Let’s Talk Bookish – Tackling Toxic Relationships in Literature

Let’s Talk Bookish is a weekly meme, hosted by Rukky @ Eternity Books & Dani @ Literary Lion, where they discuss certain topics, share their opinions, and spread the love by visiting each others’ posts.


Prompts: When it comes to fiction how should toxic relationships be handled? Is it okay to portray toxic relationships? How can we avoid glorifying Teacher x Student or other toxic dynamics, and is it important to try to avoid that? How do you feel about abusive relationships in fiction? What about in adult dark romance?

Last day of April already, I can’t believe it. And here we have yet another very interesting topic. One that I think about all the time – not the topic itself, but rather its propriety. Overall, I feel like I do enjoy the occasional toxic relationship in a fiction, although perhaps I prefer seeing the character break out of it more than I like seeing them in one.

On the one hand we could choose to eliminate these kinds of tropes as they portray relationships that are inappropriate, and glorify other toxic dynamics that we wouldn’t want to deem acceptable in real life. Although that being said, violent video games don’t necessarily make people violent either, right? I guess the problem lies more with how much are people’s perspectives truly affected by what they read in fiction?

On the other hand, such abusive relationships are also part of reality. As unfortunate as the truth is, there are people who suffer in such relationships, and sometimes books depicting such things may be eye-opening for people, when seeing a toxic relationship from a third person point of view. I think one main thing to avoid is striving for these toxic relationships. It is nothing to be proud of, and if I read about it, I would much rather read about how friends and family are being supportive, and helping them find a way out of it.

So overall I think it’s okay to portray such abusive/toxic relationships in fiction, but not really ok to glorify them. Thinking about it another way, the things that often happen in suspense and mystery novels are also totally unacceptable in real life. But murderers (etc.) often get their just desserts, and perhaps this is the way I feel about how toxic relationships should be portrayed as well. Yes, these types of atrocities do happen, but no it’s not acceptable, and people should and will fight against it.

I feel like there are definitely the types of people who are into this kind of thing, whether in real life or in fiction. That as an opinion I can at least respect. If it’s consensual “toxic” dynamics, then I guess I don’t have much to say about it. Though if it is totally consensual, is it really toxic? I’m not sure, but it is certainly a fine line to walk.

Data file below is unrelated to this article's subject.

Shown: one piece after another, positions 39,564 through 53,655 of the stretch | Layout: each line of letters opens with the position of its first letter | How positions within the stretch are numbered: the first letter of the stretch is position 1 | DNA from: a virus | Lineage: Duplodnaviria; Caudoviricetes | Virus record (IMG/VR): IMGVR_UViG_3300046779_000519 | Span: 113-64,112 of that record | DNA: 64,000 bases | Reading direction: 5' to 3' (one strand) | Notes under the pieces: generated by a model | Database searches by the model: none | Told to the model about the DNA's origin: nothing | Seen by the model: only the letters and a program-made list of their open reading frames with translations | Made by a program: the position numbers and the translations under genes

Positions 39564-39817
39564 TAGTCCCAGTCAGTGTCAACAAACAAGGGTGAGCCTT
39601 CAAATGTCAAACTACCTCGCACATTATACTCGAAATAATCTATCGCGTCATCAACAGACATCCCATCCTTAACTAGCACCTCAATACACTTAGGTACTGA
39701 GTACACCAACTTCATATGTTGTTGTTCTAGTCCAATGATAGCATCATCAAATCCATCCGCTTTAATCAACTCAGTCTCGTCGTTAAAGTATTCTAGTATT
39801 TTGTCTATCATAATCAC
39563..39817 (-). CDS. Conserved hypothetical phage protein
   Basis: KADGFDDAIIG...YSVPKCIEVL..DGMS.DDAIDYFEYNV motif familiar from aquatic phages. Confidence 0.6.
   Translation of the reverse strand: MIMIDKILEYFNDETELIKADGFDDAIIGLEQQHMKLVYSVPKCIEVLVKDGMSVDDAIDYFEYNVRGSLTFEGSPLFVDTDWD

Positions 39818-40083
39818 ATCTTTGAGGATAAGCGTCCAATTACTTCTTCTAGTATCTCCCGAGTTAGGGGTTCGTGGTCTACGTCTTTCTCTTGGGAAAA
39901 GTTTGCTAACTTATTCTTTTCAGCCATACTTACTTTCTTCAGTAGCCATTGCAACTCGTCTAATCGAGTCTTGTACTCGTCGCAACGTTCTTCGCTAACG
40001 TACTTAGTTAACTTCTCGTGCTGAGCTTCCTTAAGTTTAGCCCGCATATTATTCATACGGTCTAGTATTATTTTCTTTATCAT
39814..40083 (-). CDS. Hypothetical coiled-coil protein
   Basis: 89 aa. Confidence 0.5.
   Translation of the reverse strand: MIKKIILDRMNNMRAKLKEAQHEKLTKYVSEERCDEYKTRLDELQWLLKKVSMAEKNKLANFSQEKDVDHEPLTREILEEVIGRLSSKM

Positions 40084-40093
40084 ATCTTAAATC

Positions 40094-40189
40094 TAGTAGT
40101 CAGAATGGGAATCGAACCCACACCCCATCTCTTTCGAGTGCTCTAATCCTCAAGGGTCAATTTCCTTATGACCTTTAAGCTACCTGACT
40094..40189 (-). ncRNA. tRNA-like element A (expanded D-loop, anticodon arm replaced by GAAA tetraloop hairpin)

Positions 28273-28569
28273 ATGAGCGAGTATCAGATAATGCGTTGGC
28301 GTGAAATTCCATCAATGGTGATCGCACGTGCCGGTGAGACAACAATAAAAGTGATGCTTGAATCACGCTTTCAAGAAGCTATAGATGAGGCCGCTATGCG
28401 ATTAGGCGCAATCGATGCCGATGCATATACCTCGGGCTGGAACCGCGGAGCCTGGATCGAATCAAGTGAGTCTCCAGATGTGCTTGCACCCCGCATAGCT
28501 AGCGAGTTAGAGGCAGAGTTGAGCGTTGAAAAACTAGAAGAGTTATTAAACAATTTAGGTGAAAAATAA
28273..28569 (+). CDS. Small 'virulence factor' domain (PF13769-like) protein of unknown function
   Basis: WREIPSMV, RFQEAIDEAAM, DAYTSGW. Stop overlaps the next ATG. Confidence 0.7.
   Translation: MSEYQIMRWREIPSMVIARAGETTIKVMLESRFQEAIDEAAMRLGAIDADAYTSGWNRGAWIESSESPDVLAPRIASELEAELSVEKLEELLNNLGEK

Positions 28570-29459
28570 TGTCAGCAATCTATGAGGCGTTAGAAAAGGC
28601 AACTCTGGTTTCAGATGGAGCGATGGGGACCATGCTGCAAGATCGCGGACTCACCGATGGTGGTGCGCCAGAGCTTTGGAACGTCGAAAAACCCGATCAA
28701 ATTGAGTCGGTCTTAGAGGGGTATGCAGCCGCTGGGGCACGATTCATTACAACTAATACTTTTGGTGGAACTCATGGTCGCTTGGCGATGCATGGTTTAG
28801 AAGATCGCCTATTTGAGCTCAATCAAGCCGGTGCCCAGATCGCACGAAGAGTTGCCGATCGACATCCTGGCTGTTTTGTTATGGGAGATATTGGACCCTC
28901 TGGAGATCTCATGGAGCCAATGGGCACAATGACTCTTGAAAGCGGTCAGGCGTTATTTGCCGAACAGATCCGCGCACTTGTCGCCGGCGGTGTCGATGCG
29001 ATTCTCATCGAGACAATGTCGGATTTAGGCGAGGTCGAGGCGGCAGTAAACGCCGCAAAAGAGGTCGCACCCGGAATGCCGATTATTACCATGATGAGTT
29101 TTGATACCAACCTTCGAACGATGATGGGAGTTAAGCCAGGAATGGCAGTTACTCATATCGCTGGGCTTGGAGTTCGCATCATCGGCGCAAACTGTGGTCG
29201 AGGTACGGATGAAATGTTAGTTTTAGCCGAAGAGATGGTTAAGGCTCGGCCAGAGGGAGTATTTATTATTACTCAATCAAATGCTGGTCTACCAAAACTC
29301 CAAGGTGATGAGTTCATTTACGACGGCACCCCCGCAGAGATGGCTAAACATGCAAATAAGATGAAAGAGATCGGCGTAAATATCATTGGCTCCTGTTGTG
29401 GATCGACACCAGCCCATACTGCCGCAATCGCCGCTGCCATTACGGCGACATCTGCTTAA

I’ve never been too bothered by the toxic relationships in a book, although I don’t personally seek them out or want to see them. Occasionally such relationships will advance a character or a plot, and I think that’s okay.

What do you all think? Is there something that the fiction/book world should be doing about such relationships? Or is it just another one of those things like murder that we shouldn’t take as seriously in a fiction like we do in real life? Let me know in the comments below!

6 thoughts on “Let’s Talk Bookish – Tackling Toxic Relationships in Literature”

  1. Awesome post, Fives! I like how you compared it to mysteries and thrillers. That used to be the biggest genre that I read and I’ll be honest, I loved seeing the psychological aspects that came with the murders or kidnappings or whatever case happened in them. Does that mean I like murders or kidnapping in real life? Absolutely not. I would be advocating against such things IRL.
    I still love reading that genre though because I know that in reality, nobody is getting hurt by me reading the story. With toxic relationships, I can see why people might like it in books, and so long as it doesn’t spill over into the real world, I don’t have much of a problem with it. It’s only when it moves into YA or middle-grade novels that I’m really concerned because of how it might affect younger readers.

    Anyway, great post!!

    Liked by 1 person

    1. Yup, totally agree Rukky! It’s really when it comes to affecting the younger readers, I think there is something to be said about keeping these toxic relationships AWAY from being glorified, and AWAY from something that the young readers might want for themselves (eek!).

      I’m glad you related to the mystery/thriller part! I was thinking how I see so much “scary” psychological warfare, etc. in these books, but it’s all part of the fun! Rather than something that I want to embody or emulate at all. It’s just interesting how different genres can cast different lights onto the same issues.

      Liked by 1 person

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